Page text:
An assessment of the status of Open Access Policies and Repositories Development in Kenya
University of Nairobi, Kenya
Academic institutions worldwide have embraced institutional repositories as a means to showcase their research globally. In Kenya, the majority of academic institutions with effective repositories are established universities. Little is known of institutional repositories of newly established universities in Kenya. The study assesses the status of open access policy and repository development in Kenyan universities that were established between 2016 and 2017.
The researchers collected data from professional library staff in three newly established universities using questionnaires.
In the findings, all the university libraries investigated had functional institutional repositories. The libraries had developed submission and metadata policies. The staff charged with implementing institutional repositories had relevant skills, understood the scholarly communication cycle, and were responsible for recruitment of institutional repository content. The challenges faced in implementing institutional repositories included low levels of awareness of the existence of institutional repositories by the intended users, reluctant of the researchers in submitting their research with the repositories, lack of resources, inadequate staff and submission policy.
The findings of this study buttresses the place of information repositories as a platform to share research literature and open access to scholarly materials globally even for newly established universities in developing countries.
A native iPad app for the DSpace 7 REST API
Virginia Tech, United States of America
This is a native iPad app for DSpace 7 repositories, built using the new version of the REST API. The app also runs on iPhones, but this is not recommended for most use cases because of the difficulty inherent in reading formatted academic articles on small phone screens. The app allows repository users to browse, search, and download content, and repository administrators to submit and edit repository content. Because of the connectivity challenges inherent with mobile devices, the app was designed so that some of the work can be done while users are offline. This app is unofficial and is intended only as a supplement to the spiffy, official and feature-complete Angular UI which will be preferred by most users. This app is bound to be a niche product, because most users find our repositories by way of search hits from Google that link directly to articles, but I believe that some users will enjoy the intimacy and speed of a native mobile app for interacting with repositories, and I am eager to present this poster.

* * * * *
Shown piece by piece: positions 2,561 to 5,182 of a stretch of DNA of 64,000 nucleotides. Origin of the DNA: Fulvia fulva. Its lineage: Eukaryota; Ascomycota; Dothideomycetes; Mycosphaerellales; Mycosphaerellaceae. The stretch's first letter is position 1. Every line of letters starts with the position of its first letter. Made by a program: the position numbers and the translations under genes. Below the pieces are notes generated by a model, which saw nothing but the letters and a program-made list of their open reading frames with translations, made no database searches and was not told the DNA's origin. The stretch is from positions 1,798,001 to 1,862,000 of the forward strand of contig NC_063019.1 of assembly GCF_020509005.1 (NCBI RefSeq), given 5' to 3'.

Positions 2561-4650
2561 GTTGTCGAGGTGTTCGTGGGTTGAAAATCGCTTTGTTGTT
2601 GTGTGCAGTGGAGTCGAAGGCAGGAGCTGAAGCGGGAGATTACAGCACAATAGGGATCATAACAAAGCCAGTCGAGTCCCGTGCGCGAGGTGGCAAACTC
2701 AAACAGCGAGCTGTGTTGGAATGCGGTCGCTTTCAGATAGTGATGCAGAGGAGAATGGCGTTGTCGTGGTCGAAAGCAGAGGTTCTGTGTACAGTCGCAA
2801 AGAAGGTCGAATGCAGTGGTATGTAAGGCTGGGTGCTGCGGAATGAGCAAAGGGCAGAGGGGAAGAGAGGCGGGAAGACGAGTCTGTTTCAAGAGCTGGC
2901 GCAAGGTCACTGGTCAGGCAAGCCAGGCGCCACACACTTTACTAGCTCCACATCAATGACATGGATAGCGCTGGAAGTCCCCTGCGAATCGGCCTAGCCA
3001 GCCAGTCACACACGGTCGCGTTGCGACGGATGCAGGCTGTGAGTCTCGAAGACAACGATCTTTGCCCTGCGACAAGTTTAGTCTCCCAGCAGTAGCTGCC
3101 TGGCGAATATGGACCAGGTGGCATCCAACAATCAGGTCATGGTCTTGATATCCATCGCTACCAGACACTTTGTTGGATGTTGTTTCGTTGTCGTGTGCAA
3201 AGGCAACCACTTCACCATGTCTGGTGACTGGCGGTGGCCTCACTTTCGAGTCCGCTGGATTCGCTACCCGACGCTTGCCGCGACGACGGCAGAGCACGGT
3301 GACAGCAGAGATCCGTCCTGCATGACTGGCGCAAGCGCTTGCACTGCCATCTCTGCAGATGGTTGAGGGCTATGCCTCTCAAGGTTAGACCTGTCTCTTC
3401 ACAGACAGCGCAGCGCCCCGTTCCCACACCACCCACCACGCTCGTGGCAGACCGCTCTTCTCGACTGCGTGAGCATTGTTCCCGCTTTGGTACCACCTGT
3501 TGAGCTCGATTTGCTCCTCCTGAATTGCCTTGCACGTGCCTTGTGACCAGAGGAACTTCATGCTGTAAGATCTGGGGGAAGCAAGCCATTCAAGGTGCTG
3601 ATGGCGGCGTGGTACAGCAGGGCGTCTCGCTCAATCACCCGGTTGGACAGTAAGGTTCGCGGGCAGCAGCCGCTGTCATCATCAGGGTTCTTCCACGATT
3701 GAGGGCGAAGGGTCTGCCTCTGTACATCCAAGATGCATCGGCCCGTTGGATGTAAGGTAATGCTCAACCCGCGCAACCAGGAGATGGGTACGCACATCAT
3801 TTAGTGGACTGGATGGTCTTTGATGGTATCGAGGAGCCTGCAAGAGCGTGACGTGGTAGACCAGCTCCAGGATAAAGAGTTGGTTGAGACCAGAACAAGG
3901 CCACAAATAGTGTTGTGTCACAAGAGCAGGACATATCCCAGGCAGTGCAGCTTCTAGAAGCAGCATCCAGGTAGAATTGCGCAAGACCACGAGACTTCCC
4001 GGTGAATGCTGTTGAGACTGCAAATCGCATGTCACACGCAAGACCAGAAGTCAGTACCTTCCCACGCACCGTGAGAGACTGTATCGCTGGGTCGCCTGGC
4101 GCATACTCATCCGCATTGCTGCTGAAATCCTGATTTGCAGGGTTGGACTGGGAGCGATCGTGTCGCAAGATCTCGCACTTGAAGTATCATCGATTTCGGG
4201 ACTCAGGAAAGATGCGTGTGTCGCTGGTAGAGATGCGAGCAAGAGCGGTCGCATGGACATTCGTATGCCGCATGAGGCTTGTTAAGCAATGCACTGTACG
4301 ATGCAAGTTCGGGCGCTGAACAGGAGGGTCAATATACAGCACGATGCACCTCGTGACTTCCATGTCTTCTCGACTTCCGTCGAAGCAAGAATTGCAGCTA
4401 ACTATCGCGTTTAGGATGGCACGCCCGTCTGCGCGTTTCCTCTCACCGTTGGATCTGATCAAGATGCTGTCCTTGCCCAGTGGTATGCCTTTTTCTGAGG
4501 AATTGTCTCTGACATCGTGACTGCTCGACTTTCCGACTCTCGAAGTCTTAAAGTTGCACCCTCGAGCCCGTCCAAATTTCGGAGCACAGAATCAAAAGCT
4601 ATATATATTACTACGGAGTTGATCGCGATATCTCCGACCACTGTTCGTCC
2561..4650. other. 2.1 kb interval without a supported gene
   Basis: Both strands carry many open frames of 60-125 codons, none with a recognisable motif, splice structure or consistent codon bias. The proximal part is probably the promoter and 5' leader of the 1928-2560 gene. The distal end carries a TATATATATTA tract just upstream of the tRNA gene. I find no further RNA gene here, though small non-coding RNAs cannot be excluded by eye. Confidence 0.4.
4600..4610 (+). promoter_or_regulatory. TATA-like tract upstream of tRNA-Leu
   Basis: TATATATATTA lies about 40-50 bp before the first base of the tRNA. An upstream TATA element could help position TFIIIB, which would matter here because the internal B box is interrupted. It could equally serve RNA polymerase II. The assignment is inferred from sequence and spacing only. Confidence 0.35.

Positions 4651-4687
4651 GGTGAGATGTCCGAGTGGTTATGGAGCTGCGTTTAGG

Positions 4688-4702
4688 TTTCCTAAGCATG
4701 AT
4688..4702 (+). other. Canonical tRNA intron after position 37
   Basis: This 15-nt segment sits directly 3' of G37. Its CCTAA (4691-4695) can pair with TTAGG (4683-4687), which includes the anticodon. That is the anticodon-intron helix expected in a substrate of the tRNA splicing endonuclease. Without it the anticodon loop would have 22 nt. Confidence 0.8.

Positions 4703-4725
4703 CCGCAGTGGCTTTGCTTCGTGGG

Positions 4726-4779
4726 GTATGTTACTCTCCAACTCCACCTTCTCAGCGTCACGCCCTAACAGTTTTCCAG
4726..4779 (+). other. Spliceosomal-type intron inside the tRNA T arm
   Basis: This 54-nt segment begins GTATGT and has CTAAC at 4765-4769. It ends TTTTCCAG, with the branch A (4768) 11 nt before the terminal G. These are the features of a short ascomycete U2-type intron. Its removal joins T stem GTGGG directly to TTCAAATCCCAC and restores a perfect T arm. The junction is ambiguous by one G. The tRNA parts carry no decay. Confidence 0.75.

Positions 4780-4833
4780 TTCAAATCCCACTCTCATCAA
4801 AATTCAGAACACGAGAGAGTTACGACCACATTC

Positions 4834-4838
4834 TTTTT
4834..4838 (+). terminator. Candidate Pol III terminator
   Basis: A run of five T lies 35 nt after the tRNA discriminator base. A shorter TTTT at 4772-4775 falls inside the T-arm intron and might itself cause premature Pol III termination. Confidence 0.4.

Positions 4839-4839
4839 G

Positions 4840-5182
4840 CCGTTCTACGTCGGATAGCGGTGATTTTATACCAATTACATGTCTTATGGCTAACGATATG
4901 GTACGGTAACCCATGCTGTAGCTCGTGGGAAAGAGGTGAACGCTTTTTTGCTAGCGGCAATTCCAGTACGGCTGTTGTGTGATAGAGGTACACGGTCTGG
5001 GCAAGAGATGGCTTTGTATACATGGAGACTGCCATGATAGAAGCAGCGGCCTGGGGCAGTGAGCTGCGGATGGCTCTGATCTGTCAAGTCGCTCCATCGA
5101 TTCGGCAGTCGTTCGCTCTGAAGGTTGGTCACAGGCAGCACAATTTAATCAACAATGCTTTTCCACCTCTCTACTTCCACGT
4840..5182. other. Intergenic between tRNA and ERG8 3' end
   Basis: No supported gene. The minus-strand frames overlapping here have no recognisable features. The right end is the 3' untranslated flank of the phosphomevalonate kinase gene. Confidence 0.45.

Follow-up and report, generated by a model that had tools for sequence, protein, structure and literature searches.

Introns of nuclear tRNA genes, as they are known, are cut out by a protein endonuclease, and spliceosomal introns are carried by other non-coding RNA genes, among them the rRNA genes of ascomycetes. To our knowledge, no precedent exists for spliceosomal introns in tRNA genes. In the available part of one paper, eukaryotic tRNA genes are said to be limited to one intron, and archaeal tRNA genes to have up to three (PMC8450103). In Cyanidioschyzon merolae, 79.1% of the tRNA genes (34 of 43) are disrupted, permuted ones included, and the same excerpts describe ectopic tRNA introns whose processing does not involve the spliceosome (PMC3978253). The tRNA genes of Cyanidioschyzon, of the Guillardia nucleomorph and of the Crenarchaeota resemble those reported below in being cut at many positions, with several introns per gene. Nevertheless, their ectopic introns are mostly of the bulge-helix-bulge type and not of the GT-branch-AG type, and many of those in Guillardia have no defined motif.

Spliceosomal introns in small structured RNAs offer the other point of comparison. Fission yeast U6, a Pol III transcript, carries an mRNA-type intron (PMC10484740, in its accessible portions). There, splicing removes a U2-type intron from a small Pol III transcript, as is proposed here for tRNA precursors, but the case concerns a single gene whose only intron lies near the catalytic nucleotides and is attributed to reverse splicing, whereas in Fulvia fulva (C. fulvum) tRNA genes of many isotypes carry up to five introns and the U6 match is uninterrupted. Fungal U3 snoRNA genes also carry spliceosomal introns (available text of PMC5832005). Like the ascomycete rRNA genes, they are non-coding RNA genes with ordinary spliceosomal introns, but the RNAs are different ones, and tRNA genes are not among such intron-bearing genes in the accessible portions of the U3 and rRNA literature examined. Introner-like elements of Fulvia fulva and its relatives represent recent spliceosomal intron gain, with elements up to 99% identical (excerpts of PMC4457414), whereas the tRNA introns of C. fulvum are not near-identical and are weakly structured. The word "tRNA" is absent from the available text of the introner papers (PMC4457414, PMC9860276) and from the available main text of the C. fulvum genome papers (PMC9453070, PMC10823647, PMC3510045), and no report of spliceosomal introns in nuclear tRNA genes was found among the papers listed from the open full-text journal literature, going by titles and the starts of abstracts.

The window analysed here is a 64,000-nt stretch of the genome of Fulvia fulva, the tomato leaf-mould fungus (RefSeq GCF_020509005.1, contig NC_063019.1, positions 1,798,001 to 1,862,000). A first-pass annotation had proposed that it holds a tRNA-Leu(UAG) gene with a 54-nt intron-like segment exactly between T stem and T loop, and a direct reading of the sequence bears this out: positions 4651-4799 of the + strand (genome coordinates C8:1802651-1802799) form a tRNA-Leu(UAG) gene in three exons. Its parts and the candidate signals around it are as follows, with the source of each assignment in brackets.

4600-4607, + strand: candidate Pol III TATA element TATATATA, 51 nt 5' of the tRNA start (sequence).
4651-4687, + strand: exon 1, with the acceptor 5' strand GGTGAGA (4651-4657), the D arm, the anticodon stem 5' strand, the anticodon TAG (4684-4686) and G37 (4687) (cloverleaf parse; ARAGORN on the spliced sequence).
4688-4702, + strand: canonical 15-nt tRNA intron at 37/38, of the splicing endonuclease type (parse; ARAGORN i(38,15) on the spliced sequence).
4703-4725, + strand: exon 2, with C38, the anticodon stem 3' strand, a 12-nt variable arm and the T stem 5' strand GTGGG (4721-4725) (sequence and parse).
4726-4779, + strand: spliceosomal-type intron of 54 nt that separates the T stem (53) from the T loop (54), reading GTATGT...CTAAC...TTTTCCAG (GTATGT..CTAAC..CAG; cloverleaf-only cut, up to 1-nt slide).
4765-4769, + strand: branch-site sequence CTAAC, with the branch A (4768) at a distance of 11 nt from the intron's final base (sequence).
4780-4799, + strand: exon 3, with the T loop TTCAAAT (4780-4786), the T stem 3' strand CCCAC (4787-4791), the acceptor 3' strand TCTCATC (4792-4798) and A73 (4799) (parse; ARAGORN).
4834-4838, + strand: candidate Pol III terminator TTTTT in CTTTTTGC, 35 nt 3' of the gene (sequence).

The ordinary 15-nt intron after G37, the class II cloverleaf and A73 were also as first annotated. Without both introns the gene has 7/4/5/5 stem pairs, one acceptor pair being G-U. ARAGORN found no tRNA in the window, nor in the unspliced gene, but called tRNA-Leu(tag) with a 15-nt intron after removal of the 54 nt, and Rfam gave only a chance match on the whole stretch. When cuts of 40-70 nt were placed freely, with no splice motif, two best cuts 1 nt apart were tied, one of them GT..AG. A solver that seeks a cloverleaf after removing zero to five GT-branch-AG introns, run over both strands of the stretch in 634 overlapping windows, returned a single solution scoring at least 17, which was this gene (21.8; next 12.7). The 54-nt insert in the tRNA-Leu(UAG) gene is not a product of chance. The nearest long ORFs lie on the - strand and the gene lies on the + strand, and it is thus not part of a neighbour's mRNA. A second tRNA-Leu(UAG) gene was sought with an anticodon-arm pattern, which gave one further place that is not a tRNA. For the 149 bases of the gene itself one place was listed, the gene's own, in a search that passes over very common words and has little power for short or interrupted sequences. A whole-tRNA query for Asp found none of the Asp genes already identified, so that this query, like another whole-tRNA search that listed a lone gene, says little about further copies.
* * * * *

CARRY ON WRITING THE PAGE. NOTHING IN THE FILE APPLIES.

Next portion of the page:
Hamburg Open Science at TUHH: An All-in-one repository service based on DSpace CRIS
TU Hamburg, Germany
The Hamburg Open Science program aims to develop an open science infrastructure for universities in Hamburg. This includes open access repositories, research data repositories and research information systems. Hamburg University of Technology, a small institution with limited programming capacities, opted for an integrated approach instead of three different systems. The current Open Access repository (based on DSpace CRIS and fully ORCID-enabled) is going to be extended with a research data repository and supposed to include all institutional researchers, organization units, projects and publication information building a research information system and a university bibliography.
This poster illustrates the components of our extended repository and shows how DSpace CRIS, an open source software with a vibrant community, helped us cover the two new components of the repository. It will focus especially on the entities.
Usage Statistics Do Count